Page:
Most of us don't seek out lines. We just don't want to wait. Hell, apps like LineAngel and TaskRabbit allow you to pay someone to queue up at pretty much any destination that's regularly clogged with bodies—from the DMV to the Apple Store. On occasion, though, I will look for a line. Going out of my way to take a number becomes a point of pride—proof I earned the reward at the end of one of those processions that shuffle along more slowly than a funeral dirge.

Eight years ago, standing in one of those rows of would-be customers sparked my serious interest in barbecue. Thick with people hungry for Sunday lunch, the line at Pappy's Smokehouse in midtown St. Louis rippled through the dining hall like a marbled ribbon of fat in a brisket. And that was only half of my journey to sample some of the legendary meat. The bus I planned on hopping didn't operate on weekends, so the 45-minute walk to get there took me through some rough blocks dotted with abandoned brick factories and crumbling bars.

Inside, there was a mouthwatering spectacle to keep me motivated while in idle: dozens of diners tucking into trays piled high with dry-rubbed ribs, hot links and turkey breast. I eventually reached the counter and ordered my own meal: a pulled-pork sandwich, vinegar-heavy coleslaw and potato salad.

For once, smoke didn't obscure. It provided clarity. The tender shreds of meat were eye-openingly flavorful, and I soon learned I wasn't the only one discovering the sanctity of cuts cooked low and slow. Though I was hunkered down near the Mississippi River at the time, good barbecue was on Portland's radar, too. Just months after my 2011 visit to Pappy's, this publication named Podnah's Pit its Restaurant of the Year.

Now, nearly a decade later, local purveyors of smoked protein in this city have only gotten better, which is why two of the three restaurants featured in this guide clearly know their way around a pit.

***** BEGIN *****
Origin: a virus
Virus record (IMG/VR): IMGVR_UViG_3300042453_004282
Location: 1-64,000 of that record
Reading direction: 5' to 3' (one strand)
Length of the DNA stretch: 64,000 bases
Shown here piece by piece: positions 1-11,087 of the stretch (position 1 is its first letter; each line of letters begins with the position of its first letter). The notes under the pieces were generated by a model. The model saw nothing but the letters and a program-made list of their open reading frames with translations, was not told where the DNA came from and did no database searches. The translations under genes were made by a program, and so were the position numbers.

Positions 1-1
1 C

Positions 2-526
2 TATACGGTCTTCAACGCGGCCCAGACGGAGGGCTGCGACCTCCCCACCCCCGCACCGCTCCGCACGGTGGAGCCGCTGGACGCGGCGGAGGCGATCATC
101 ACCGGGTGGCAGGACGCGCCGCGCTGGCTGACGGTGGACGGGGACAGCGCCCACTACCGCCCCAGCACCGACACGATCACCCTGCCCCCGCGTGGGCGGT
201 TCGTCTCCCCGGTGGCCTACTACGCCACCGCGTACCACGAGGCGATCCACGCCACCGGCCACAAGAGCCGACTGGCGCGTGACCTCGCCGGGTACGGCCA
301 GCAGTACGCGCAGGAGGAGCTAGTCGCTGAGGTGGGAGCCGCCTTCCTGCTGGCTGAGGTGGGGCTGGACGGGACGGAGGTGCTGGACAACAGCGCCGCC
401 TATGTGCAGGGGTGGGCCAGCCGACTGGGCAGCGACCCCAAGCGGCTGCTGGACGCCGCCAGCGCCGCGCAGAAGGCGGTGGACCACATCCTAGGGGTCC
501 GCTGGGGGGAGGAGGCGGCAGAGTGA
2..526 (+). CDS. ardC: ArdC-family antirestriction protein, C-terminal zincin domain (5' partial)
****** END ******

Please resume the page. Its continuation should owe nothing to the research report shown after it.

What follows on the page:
Our Chef of the Year has been featured in these pages before, when he helmed the kitchen at Imperial (2015's Restaurant of the Year). After construction delays and years of waiting, Doug Adams is back with his very own project, Bullard. The Texas native has bucked the swagger of his youth in favor of a leadership role that is downright nurturing in its approach—though the meat is still as bold as ever.

Barbecue is an integral component of our Supergroup of the Year, Eem, but it's not necessarily the star. That's because Matt Vicedomini's meats, which have propelled a couple of food carts to citywide—and now even national—prominence, share top billing with Earl Ninsom's Thai flavors as well as a bar program by Eric Nelson, whose roaming booze-fueled pirate bash Shipwreck has been a hit. It's a joining of forces that can't help but inspire comparisons to the '60s Cream team of Eric Clapton, Jack Bruce and Ginger Baker, and so far Eem's culinary compositions have generated rock-star buzz.

Once again this fall, we are introducing a Newcomer of the Year. Thomas and Mariah Pisha-Duffly are the husband-and-wife team behind the pop-up turned brick-and-mortar, Gado Gado. The name itself, loosely translated as "mix mix," is a hint at what to expect: dishes that hop the borders of multiple Southeast Asian countries while keeping one foot planted in Indonesia.

Since I started serving as editor of this guide last year, I'm often asked for restaurant recommendations by friends and strangers alike—but their questions are more specific than I would have expected. Usually, there's a particular type of food in mind: Where's the best pizza? Who's making the best wings? What breweries have not only good beer but also great food?

Those queries resulted in the reorganization of our listings of restaurants, food carts, bars and, this year, markets. So if you're in the mood for burgers one night and dumplings another, you know exactly which page to flip to for assistance.

Finally, this issue of Willamette Week's Guide to Food + Drink brings you rankings of some of Portland's quirkier foodstuffs—sides, snacks and indulgences you might not expect to find in a compendium of eateries that includes white tablecloth establishments and wine bars. Which is why we made room for them. The lists will point you to everything from the city's top sushi delivered via conveyor belt to dishes that contain Flamin' Hot Cheetos.

I still keep an eye out for lines. Chances are good they'll lead to something delicious. And when that food is also authentic and representative of a particular time and place, you realize that it was worth the wait after all.